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How Do I Return to CrossFit Postpartum?

When you’re an athlete, your sport is part of your identity. You feel more like yourself when you participate in that sport. Think back to a time when you weren’t able to participate for one reason or another. It sucked, right? This is how I felt when I wasn’t able to run or workout to my normal intensity in that early postpartum period after having my kids. The second I went on my first postpartum run my mood immediately changed. I felt more like me again!

So how can you get to this point after having your baby? It’s incredibly frustrating that many women are given next to no guidance on how to return to exercise and sports after having a baby. Let’s fill this knowledge gap and talk about how to return to CrossFit workouts so you can feel like you again!

return to Crossfit

Return to CrossFit = Gradual Process

Early postpartum exercise should include some basic body weight strengthening for your core, pelvic floor, hips, and legs. You need to first build a solid foundation and reconnect to those muscles! The transition from these simple exercises to the return to CrossFit should then be done slowly and progressively. Your body went through significant changes over the span of 9+ months and then went through a major abdominal surgery (C-section) or the marathon workout of a vaginal delivery. It’s going to take AT LEAST that amount of time to feel like you are back to your “normal self,” especially at the gym. For the majority of women, it takes 12 to 15 months or longer to get to that point.

Master the Basics

The first few months postpartum is a great time to really master the basics of CrossFit again and prepare your body for returning to heavy lifts and impact! Let’s talk about some of the areas to focus on to return to CrossFit post-baby:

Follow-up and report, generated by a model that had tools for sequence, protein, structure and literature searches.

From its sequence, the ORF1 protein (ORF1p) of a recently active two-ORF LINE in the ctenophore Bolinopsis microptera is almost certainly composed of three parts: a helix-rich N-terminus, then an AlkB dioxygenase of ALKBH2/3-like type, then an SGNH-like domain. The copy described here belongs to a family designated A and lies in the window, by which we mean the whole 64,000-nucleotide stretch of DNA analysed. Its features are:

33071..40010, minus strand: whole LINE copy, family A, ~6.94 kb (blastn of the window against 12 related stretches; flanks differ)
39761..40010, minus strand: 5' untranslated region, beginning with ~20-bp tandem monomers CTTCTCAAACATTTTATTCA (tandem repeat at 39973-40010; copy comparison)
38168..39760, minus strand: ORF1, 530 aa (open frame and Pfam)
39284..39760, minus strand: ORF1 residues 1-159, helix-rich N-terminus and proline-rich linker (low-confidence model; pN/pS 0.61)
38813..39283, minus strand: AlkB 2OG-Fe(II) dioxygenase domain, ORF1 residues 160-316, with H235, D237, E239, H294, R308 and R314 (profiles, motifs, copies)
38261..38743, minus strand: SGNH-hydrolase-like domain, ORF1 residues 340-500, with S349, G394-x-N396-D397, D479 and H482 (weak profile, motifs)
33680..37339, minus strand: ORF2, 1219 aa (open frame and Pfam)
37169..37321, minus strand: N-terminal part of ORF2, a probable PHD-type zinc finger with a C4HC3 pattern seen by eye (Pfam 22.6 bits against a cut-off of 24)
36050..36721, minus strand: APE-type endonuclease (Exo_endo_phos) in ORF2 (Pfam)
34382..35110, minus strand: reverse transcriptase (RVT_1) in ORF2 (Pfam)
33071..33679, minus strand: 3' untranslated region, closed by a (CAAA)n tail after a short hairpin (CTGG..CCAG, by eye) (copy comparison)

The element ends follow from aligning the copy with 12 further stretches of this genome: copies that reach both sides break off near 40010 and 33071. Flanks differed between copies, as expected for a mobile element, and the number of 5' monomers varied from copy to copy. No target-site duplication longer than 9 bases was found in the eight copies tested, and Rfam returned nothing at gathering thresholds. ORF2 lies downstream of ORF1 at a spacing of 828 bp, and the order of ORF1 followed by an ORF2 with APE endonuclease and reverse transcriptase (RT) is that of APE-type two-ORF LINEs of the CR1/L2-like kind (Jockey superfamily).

1. Bracing
  2. Breathing
  3. Technique
  4. Progressing impact and load

1. Brace Properly

One of the first things I work on with postpartum CrossFitters is proper bracing for lifts. Bracing correctly is SO important for healing of both your abdominals and pelvic floor muscles. Correct bracing will also allow you to lift more, and you’ll be less likely to have issues like peeing your pants! Oftentimes, the deep core muscle we use for bracing can be difficult to find again post-baby, and it will most likely be weak. Below is a video explaining how to find this deep core muscle that you should be using to brace. Strengthening this muscle in addition to working on a proper brace can help quite a bit in returning to lifting.

2. Use Your Whole Diaphragm to Breathe

How we breathe is one of the most powerful tools we can use to manage the pressure in our abdomen, especially when our core is healing. Really?! Let’s talk about why this is.

Think of your core as a soda can. The top of our can is our diaphragm, the bottom is our pelvic floor, and the sides are the deep stabilizing abdominal and back muscles. These muscles all work together to regulate the pressure in our abdomen.

During breathing in, our diaphragm and pelvic floor both move downwards in order to regulate the pressure in our abdominal cavity. When breathing out, our diaphragm and pelvic floor both move up. If you don’t have adequate movement in either of those areas, it can create more pressure in the abdomen than what your recovering pelvic floor is capable of withstanding. When this happens, you will be more likely to pee your pants. Check out the video below that walks through how to use your entire diaphragm and breathe properly.

What About Breath Holding to Lift More?

Let’s be real – lifting more is what we all want, right? Breath holding can be great for creating more spinal stiffness so you can lift more. Cool! BUT holding your breath actually increases your intra-abdominal pressure by 2 to 3 times. Woah! That is A LOT of pressure that your pelvic floor and abdominals have to counteract so you don’t run into issues like peeing your pants. Is my postpartum body ready for that? Maybe!